In September 1971 then Minister for Posts & Telegraphs, Gerard Collins, issued a directive prohibiting the broadcast of ‘any matter that could be calculated to promote the aims or activities of any organisation which engages in, promotes, encourages or advocates the attaining of any particular objective by violent means.’

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From RTÉ Archives, Brian Farrell interviews Conor Cruise O'Brien for Seven Days in 1973 about Section 31

The problem, however, was the directive’s vagueness. It was open to various interpretations, and might even impede the station’s ability to report on foreign political conflicts. Attempts by the RTÉ Authority (the station’s governing body, now known as the RTÉ Board) to elicit more specific wording from the Minister proved fruitless.

Recognising the Government’s desire was, at the very least, to prevent paramilitaries from appearing on television, one reporter, Kevin O'Kelly, adopted a novel approach. In November 1972, O'Kelly interviewed the leader of the PIRA, Seán Mac Stiofáin, and subsequently read a transcript of the discussion on air.

The Government were furious. They claimed RTÉ had facilitated a 'blatant attempt to circumvent' the directive, and demanded the Authority outline new procedures to prevent a breach from reoccurring. When the station failed to quickly outline new measures, the Government sacked the entire Authority five days after O’Kelly’s broadcast.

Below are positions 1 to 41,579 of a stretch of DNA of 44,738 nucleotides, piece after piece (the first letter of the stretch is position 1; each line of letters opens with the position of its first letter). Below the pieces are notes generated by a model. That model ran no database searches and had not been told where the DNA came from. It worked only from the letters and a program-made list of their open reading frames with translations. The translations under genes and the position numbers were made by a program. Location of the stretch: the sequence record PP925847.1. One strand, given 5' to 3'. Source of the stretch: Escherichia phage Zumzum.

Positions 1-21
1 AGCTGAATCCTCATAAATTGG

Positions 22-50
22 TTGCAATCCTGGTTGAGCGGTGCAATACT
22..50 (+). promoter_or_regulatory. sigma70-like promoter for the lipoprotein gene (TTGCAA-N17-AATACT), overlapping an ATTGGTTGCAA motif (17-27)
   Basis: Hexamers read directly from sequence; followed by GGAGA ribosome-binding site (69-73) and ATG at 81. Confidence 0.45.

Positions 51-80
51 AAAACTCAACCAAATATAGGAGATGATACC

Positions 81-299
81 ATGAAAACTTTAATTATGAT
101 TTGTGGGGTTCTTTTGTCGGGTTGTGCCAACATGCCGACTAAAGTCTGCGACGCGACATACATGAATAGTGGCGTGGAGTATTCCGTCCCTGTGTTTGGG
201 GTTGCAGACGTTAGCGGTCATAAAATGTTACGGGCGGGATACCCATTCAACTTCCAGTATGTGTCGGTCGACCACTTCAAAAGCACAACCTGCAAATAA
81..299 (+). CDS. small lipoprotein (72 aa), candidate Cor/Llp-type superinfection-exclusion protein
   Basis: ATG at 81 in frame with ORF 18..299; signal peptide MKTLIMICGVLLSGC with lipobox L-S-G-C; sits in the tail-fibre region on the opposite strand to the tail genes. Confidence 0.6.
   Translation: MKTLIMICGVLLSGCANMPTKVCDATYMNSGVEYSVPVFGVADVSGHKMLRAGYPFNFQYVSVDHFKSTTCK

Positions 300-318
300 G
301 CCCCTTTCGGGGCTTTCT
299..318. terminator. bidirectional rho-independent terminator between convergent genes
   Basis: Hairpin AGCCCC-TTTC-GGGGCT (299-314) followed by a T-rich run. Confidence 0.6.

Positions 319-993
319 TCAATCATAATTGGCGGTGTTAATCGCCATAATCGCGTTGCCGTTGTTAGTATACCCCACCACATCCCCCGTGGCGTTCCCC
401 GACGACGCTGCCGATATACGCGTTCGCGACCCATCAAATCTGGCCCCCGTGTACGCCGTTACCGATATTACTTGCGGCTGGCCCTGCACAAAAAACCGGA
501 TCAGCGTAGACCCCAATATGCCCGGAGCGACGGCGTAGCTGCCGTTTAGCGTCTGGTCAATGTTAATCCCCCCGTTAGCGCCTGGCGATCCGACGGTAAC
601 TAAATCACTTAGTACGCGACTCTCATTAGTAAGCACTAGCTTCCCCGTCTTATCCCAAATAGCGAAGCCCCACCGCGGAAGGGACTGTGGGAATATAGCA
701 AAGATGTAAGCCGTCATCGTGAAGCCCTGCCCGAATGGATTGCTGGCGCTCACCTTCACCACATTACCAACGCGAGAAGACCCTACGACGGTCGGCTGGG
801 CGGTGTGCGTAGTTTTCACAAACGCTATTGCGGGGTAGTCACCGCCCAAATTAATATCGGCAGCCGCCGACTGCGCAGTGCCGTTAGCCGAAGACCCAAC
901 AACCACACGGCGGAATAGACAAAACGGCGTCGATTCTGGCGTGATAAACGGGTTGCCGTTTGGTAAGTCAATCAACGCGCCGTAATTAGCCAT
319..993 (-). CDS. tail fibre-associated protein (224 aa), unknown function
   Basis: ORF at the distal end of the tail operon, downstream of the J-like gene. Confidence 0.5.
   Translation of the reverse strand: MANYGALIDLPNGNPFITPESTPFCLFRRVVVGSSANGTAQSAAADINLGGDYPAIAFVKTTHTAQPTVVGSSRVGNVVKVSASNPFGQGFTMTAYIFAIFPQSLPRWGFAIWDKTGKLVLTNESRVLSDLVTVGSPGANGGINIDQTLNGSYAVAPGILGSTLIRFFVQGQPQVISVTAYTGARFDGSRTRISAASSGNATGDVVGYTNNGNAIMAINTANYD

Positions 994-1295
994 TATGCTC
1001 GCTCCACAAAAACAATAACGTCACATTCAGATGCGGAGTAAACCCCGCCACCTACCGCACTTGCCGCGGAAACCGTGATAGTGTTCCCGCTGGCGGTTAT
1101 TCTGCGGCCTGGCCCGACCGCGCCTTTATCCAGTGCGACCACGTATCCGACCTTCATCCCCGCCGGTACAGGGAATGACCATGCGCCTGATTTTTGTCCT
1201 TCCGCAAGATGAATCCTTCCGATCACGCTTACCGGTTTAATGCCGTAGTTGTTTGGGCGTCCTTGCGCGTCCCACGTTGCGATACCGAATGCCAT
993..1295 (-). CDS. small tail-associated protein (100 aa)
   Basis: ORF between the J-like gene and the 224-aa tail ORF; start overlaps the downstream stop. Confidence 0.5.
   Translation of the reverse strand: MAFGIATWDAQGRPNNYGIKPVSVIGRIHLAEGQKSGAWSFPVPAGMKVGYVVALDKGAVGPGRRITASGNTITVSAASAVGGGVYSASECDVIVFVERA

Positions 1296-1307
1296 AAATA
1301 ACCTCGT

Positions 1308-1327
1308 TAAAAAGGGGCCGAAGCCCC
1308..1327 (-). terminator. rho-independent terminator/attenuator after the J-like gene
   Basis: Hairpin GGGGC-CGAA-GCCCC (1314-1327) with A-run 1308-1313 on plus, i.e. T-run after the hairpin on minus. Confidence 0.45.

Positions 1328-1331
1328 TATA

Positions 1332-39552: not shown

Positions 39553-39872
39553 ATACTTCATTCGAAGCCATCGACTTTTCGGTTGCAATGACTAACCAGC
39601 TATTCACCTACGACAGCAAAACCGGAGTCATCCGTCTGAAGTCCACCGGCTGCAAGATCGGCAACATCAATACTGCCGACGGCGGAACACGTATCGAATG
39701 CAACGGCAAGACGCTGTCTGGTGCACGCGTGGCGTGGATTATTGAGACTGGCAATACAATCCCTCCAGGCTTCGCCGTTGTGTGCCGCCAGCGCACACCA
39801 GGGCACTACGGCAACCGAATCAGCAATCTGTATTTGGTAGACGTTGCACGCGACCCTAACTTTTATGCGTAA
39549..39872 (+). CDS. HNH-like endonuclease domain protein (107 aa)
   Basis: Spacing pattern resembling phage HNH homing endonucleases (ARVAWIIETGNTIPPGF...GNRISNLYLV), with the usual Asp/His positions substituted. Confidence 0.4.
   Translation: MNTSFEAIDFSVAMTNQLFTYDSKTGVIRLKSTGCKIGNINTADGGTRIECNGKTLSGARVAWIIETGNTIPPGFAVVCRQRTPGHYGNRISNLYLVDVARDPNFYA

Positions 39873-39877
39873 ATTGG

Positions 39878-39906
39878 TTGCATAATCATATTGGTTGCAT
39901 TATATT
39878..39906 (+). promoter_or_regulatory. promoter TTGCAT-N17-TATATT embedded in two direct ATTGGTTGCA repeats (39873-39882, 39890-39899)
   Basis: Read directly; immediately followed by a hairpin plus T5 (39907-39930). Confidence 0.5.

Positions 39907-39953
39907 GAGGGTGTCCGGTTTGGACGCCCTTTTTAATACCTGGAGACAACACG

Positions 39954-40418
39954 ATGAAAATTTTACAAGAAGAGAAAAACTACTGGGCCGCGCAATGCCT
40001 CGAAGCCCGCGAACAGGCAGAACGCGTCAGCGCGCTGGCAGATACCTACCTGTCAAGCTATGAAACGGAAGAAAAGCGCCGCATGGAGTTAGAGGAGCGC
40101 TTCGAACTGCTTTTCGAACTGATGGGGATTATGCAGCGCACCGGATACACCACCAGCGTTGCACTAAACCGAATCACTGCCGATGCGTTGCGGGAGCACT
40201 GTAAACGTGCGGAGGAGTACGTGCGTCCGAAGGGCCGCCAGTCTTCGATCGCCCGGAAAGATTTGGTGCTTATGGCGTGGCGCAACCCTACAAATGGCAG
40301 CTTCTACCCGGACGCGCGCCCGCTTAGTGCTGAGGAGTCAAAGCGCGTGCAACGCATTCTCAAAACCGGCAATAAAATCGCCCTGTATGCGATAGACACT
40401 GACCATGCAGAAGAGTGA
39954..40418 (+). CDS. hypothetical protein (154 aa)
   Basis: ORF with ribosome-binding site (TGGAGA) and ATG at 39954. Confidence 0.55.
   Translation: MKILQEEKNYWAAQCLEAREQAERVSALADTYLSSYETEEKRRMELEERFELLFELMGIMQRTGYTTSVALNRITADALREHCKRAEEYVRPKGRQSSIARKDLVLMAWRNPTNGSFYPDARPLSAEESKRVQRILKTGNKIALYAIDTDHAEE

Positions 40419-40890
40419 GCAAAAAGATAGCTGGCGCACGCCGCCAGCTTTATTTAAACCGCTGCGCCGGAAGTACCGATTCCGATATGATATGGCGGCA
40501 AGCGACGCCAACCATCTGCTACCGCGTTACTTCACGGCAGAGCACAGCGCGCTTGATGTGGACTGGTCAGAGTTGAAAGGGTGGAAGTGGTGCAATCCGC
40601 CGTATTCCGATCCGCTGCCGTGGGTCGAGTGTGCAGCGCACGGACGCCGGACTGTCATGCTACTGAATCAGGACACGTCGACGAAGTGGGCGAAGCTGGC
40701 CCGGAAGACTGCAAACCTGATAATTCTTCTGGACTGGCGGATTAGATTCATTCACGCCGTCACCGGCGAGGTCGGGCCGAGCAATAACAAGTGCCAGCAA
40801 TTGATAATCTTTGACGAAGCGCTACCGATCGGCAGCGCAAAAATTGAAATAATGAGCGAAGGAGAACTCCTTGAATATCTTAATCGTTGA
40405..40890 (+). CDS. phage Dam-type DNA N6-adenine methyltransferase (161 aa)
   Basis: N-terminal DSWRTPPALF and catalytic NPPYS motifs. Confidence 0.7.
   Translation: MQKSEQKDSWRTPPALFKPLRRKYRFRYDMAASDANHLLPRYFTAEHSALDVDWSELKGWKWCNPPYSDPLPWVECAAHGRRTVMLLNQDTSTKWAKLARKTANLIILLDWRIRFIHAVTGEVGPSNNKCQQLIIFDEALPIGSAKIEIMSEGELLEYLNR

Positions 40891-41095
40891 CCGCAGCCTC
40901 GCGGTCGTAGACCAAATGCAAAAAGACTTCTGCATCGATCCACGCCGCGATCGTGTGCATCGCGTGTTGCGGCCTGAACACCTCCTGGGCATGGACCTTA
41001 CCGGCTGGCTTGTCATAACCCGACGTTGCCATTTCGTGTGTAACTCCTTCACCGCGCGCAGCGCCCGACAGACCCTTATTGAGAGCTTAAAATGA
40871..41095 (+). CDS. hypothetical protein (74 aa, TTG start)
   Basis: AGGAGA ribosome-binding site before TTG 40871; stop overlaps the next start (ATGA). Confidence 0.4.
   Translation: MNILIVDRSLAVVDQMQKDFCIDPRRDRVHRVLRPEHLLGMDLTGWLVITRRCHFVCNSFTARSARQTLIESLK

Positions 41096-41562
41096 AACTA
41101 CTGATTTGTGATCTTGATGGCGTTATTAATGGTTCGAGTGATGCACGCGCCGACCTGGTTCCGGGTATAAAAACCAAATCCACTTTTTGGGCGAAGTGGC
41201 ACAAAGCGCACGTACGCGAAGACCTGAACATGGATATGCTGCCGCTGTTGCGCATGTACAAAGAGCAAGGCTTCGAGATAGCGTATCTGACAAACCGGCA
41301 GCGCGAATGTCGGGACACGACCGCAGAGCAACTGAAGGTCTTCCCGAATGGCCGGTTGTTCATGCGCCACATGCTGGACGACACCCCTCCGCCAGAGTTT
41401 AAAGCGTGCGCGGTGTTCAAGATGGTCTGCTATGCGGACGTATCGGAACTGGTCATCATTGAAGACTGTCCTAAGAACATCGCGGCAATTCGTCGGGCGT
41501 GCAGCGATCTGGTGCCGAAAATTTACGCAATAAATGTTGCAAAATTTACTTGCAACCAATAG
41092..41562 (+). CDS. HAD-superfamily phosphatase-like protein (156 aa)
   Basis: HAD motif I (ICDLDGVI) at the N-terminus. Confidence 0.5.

It empowered the relevant Minister to prevent the broadcast of "any particular matter or matter of any particular class"

Despite some claims to the contrary, O’Kelly was not imprisoned for breaching Section 31. While the journalist would subsequently spend two nights in prison, this was for ‘contempt of court’, when he refused to formally identify Mac Stiofáin as his source during the prosecution of the PIRA leader for membership of an unlawful organisation.

Enter the Cruiser

From November 1972 onwards, RTÉ was more careful to avoid the presence of, or statements by, known or suspected paramilitaries in broadcasts. The same methodology was not applied to political affiliates however, with members of both Official Sinn Féin and Provisional Sinn Féin continuing to make regular appearances.